Chlorthalidone is an oral antihypertensive/diuretic. It is a monosulfamyl diuretic that differs chemically from thiazide diuretics in that a double-ring system is incorporated in its structure. It is 2-chloro-5-(1-hydroxy-3-oxo-1-isoindolinyl) benzenesulfonamide, with the following structural formula:
C14H11CIN2O4S M.W. 338.76
Chlorthalidone is practically insoluble in water, in ether and in chloroform; soluble in methanol; slightly soluble in alcohol.
Each tablet for oral administration contains 25 mg or 50 mg of chlorthalidone, USP.
Tablets also contain colloidal silicon dioxide, crospovidone, anhydrous lactose, povidone, sodium starch glycolate, stearic acid, FD&C Yellow #6 (25 mg), FD&C Blue #1 (50 mg) and D&C Yellow #10 (50 mg).
Chlorthalidone is an oral diuretic with prolonged action (48-72 hours) and low toxicity. The major portion of the drug is excreted unchanged by the kidneys. The diuretic effect of the drug occurs in approximately 2.6 hours and continues for up to 72 hours. The mean half-life following a 50 to 200 mg dose is 40 hours. In the first order of absorption, the elimination half-life is 53 hours following a 50 mg dose and 60 hours following a 100 mg dose. Approximately 75 percent of the drug is bound to plasma proteins, 58 percent of the drug being bound to albumin. This is caused by an increased affinity of the drug to erythrocyte carbonic anhydrase. Nonrenal routes of elimination have yet to be clarified. Data are not available regarding percentage of dose as unchanged drug and metabolites, concentration of the drug in body fluids, degree of uptake by a particular organ or in the fetus, or passage across the blood-brain barrier.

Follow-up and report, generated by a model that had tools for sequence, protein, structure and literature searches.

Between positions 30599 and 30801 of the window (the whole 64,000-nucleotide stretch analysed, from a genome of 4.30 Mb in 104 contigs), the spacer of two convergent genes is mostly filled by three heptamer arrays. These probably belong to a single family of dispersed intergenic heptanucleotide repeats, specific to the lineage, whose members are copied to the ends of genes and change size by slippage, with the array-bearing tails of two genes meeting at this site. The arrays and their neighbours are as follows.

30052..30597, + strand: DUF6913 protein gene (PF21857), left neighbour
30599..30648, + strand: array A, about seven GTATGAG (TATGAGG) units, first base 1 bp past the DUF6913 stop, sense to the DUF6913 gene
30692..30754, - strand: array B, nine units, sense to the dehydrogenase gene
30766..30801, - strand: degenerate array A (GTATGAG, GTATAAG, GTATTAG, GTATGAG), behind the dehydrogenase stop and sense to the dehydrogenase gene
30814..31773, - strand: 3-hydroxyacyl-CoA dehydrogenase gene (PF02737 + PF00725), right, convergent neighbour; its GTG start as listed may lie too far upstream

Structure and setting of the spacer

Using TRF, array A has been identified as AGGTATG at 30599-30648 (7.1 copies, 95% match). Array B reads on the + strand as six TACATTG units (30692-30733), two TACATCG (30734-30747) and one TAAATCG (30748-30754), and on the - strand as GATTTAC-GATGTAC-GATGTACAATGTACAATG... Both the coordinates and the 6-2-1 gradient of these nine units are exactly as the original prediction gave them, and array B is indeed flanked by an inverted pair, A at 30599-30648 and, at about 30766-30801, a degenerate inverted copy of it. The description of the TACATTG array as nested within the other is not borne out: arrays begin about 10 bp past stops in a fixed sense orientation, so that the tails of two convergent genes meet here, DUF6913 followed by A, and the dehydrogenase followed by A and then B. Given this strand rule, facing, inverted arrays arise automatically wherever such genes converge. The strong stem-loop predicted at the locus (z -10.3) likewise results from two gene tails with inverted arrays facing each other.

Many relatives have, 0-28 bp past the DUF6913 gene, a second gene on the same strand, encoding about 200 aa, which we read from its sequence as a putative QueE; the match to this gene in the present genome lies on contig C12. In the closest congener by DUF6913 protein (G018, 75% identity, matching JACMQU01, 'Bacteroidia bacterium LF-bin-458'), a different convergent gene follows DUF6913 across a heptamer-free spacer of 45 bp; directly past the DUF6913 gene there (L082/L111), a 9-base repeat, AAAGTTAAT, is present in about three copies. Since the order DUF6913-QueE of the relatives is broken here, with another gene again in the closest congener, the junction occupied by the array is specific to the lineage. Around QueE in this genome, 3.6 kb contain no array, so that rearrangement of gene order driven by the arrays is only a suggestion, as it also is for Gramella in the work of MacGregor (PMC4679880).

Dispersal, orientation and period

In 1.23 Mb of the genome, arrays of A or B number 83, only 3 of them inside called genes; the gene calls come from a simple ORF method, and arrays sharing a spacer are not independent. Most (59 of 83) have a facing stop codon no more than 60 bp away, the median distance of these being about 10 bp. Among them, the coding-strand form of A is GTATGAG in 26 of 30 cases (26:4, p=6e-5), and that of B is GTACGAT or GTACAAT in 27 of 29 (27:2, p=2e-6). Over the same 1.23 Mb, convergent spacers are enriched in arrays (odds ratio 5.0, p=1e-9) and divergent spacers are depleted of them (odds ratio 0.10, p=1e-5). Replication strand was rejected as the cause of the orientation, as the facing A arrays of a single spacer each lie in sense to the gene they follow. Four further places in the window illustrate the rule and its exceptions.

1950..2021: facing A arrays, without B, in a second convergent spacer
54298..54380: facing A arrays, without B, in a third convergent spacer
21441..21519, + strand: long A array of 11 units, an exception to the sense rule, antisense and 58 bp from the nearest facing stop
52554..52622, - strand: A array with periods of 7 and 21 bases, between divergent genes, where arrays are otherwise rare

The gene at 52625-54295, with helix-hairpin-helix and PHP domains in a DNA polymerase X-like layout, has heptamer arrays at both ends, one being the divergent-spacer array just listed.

The drug produces copious diuresis with greatly increased excretion of sodium and chloride. At maximal therapeutic dosage chlorthalidone is approximately equal in its diuretic effect to comparable maximal therapeutic doses of benzothiadiazine diuretics. The site of action appears to be the cortical diluting segment of the ascending limb of Henle’s loop of the nephron.
Biochemical studies in animals have suggested reasons for the prolonged effect of chlorthalidone. Absorption from the gastrointestinal tract is slow, due to slow solubility. After passage to the liver, some of the drug enters the general circulation, while some is excreted in the bile, to be reabsorbed later. In the general circulation, it is distributed widely to the tissues, but is taken up in highest concentrations by the kidneys, where amounts have been found 72 hours after ingestion, long after it has disappeared from other tissues. The drug is excreted unchanged in the urine.
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